Some seem to think the solution lies in socialized medicine, in government control of insurance and medical practice. If the present climate continues that may well be the destination of our present direction.
I would prefer government intervention in a more traditional American way, and that is by defining and declaring monopolies, breaking them up, preventing them, and allowing transparency in the medical industry. Without doing this I am afraid government will only temporize some costs and create the illusion that they are actually solving the problem.
Who are the villains? If we could only find them we might be able to see where the trouble comes from, but that is hard to define in the medical industry. In my opinion there is no doubt that some of the rich are robbing some of the poor in our present American world of medicine. We especially take the working class, wait for them to have some catastrophic medical problem, bill them unimaginable amounts of money, turn them over to bill collectors fairly quickly, force them into bankruptcy, and pay the hospital managers huge bonuses.
There are at least a few things we can do until we acquire national political leadership that will be intelligent and purposeful enough to expose the monopolistic practices of this industry which is literally impoverishing some Americans and draining off resources from the rest of us. Any medical manager or hospital manger of a non-profit hospital or system should never be rewarded for losing money (which seems to be a fairly consistent American practice based on what seems to be idiotic manager contracts) , but neither should they be rewarded when the institution that has been given non-profit status provides very little indigent care, or bullies up on inadequately insured individuals and families. Their continued non-profit status should be tied to a percentage of help to the poor or working poor, and their salaries (where the profit is really being made) should rather be taxed if they fail to reach a certain percentage of that kind of mercy. Hospitals will moan about how much they have to write off, but how many consumers and patients have been financially ruined on the way to that, how many have failed to be given any deliverance from the legal or collection agency harassment? Would it not have been better to make that kind of easement at the beginning and earn the right to say the institution is really charitable, rather than to earn the title by default?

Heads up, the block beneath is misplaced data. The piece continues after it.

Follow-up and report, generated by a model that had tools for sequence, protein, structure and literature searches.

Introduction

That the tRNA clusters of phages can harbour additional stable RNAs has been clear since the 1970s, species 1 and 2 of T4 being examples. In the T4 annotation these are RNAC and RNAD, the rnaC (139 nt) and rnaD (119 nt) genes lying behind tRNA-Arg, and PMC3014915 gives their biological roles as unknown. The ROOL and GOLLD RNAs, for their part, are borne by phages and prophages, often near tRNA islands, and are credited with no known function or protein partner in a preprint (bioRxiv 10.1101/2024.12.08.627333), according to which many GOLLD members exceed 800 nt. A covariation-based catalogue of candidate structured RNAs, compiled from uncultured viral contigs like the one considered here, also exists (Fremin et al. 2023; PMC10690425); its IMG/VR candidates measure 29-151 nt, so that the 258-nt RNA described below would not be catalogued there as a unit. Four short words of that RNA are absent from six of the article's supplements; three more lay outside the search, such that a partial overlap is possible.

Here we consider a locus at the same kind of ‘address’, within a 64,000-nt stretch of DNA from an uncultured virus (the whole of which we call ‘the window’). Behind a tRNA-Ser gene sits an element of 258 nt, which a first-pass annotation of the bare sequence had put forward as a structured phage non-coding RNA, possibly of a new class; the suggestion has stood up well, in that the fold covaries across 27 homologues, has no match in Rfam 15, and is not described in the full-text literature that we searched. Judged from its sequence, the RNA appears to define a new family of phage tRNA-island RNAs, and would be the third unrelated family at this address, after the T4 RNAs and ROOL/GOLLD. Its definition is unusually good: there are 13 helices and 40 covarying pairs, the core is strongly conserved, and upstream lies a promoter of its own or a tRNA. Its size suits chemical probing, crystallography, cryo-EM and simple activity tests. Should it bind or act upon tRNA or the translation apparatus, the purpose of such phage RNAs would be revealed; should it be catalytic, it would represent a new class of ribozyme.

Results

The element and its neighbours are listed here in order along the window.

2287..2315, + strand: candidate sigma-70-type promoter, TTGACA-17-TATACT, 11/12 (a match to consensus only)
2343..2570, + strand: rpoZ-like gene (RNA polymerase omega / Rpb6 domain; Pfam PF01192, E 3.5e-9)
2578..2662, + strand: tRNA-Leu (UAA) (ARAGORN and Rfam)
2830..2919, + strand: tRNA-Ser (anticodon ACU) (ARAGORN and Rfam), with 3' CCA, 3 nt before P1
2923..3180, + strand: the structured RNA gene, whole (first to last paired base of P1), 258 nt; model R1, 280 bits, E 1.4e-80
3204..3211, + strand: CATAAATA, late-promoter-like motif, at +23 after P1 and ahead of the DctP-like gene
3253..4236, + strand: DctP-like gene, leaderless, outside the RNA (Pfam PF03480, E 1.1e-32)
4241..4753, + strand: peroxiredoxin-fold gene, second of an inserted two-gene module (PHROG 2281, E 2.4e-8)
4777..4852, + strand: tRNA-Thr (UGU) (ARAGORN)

All costs should be published to show mark ups in supplies, equipment, and services. National averages and basic cost to the institution should be published as well as the proposed billing so consumers can see what they are actually being charged. All of us should react against a national practice that makes us victims rather than patients.